Gaming

Zero Tolerance Collection Overview (Switch Online Store)

Shot on Nintendo Switch (handheld/without dock)

Thanks to raycasting, an early form of graphics processing that allowed a 2D map to be rendered as a pseudo-3D environment, Zero tolerancea real first-person shooter, appeared on the Sega Mega Drive in 1994.

What makes the Zero Tolerance Collection significant, especially for fans of the original, is that it boasts additional lore elements: an unreleased sequel, Zero tolerance undergroundand the name of the prototype Beyond Zero Tolerance. As it turns out, Zero Tolerance Underground is being falsely advertised and not a true sequel at all. Its nine stages (as opposed to the original game’s 40) were actually designed as bonus features for the Mega CD port of Zero Tolerance, which never saw the light of day. Beyond Zero Tolerance, an unfinished prototype meant to be a true sequel, would have been more compelling if it hadn’t already been officially released online as free software.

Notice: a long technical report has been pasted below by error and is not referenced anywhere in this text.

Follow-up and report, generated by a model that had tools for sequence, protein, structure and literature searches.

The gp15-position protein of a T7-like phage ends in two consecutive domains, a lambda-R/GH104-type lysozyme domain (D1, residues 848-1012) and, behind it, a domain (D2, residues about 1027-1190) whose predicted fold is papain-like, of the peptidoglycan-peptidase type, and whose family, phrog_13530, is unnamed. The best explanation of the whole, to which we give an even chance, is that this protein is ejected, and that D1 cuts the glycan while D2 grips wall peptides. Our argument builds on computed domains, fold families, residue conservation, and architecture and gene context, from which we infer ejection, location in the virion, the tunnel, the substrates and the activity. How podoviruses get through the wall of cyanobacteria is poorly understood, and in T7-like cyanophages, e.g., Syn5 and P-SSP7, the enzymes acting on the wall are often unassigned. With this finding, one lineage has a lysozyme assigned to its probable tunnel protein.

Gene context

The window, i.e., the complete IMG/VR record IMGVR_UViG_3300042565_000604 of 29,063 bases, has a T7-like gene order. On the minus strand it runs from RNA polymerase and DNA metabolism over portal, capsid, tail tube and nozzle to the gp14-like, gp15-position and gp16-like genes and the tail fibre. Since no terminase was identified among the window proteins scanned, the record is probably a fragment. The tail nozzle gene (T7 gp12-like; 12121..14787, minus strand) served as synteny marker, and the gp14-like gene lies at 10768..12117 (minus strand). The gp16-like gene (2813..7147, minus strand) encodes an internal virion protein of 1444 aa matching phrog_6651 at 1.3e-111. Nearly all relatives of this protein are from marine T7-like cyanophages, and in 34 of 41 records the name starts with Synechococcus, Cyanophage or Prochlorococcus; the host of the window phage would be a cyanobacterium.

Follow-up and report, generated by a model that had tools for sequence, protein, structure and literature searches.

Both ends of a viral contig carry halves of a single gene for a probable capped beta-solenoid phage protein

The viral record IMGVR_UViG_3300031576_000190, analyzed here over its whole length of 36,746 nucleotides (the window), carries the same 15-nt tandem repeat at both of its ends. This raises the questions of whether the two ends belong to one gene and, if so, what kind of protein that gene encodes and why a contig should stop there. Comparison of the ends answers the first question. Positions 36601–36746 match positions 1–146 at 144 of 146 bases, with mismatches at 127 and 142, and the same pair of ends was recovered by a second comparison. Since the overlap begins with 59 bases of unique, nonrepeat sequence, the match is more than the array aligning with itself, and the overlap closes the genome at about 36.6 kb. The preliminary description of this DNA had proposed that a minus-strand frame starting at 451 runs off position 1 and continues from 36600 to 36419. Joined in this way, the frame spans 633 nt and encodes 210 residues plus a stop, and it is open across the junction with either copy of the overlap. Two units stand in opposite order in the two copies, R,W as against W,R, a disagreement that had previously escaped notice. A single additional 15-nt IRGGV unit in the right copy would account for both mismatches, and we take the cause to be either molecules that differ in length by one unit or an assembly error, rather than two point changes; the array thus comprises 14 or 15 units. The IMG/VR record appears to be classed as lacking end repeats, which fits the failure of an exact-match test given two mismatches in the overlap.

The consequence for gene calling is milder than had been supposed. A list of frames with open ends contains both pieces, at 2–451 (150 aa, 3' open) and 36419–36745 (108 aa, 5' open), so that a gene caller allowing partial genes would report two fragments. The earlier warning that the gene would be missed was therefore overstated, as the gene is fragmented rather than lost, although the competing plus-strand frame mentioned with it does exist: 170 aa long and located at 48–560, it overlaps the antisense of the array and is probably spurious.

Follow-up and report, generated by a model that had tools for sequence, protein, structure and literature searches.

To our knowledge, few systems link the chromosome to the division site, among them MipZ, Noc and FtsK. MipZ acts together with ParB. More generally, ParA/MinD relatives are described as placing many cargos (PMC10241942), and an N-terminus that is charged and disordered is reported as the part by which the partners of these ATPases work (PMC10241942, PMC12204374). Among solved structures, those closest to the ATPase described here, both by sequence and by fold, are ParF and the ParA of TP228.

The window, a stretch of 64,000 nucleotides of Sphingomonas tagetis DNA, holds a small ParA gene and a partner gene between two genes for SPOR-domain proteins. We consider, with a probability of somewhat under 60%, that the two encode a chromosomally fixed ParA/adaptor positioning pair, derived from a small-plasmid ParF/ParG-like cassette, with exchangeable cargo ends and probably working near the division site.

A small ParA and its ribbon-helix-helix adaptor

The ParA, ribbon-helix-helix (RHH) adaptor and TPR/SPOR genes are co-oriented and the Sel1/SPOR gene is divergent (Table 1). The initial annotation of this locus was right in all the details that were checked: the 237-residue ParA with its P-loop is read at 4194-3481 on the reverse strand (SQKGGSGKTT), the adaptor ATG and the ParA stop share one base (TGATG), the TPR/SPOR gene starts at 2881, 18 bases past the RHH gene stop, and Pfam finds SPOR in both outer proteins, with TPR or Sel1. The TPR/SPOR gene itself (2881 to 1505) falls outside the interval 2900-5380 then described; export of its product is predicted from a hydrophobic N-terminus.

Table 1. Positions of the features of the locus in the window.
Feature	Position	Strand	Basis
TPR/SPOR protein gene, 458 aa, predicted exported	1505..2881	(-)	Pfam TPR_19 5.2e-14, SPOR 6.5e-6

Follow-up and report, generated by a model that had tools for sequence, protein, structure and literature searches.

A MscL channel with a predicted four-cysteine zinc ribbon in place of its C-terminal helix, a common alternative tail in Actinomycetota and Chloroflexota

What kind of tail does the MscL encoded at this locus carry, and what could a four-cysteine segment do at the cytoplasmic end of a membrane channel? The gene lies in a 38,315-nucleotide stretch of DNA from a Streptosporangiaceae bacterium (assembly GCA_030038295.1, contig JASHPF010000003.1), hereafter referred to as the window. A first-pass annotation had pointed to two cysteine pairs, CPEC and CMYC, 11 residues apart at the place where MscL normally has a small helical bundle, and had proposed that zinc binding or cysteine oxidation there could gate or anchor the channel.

Zero Tolerance is a sci-fi first-person shooter where a team of five Marines infiltrate Planet Defense Corporation to rid it of invading soldiers and aliens. Each of your squad has a number of abilities, some of which are better at shooting, others are better at handling explosives and tracking down enemies. When one Marine dies right away, they disappear forever, which leads to some strategy in how you try to complete the game. Keeping characters with firearms skills for the hordes towards the end is probably a brilliant move, in our estimation, although you could just as strategically place mines in the center of the crowd.

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Shot on Nintendo Switch (handheld/without dock)

The action takes up a third of the screen, but it is quite possible to play even in portable mode; while the new screen filters do their best to sharpen or smooth images with a lot of pixels, with varying degrees of success. The CRT option eschews traditional RGB scanlines for a curved display that mimics ancient RF connections: noise interference, wavy lines, and muted colors. It’s stylish content nostalgia, but we love it.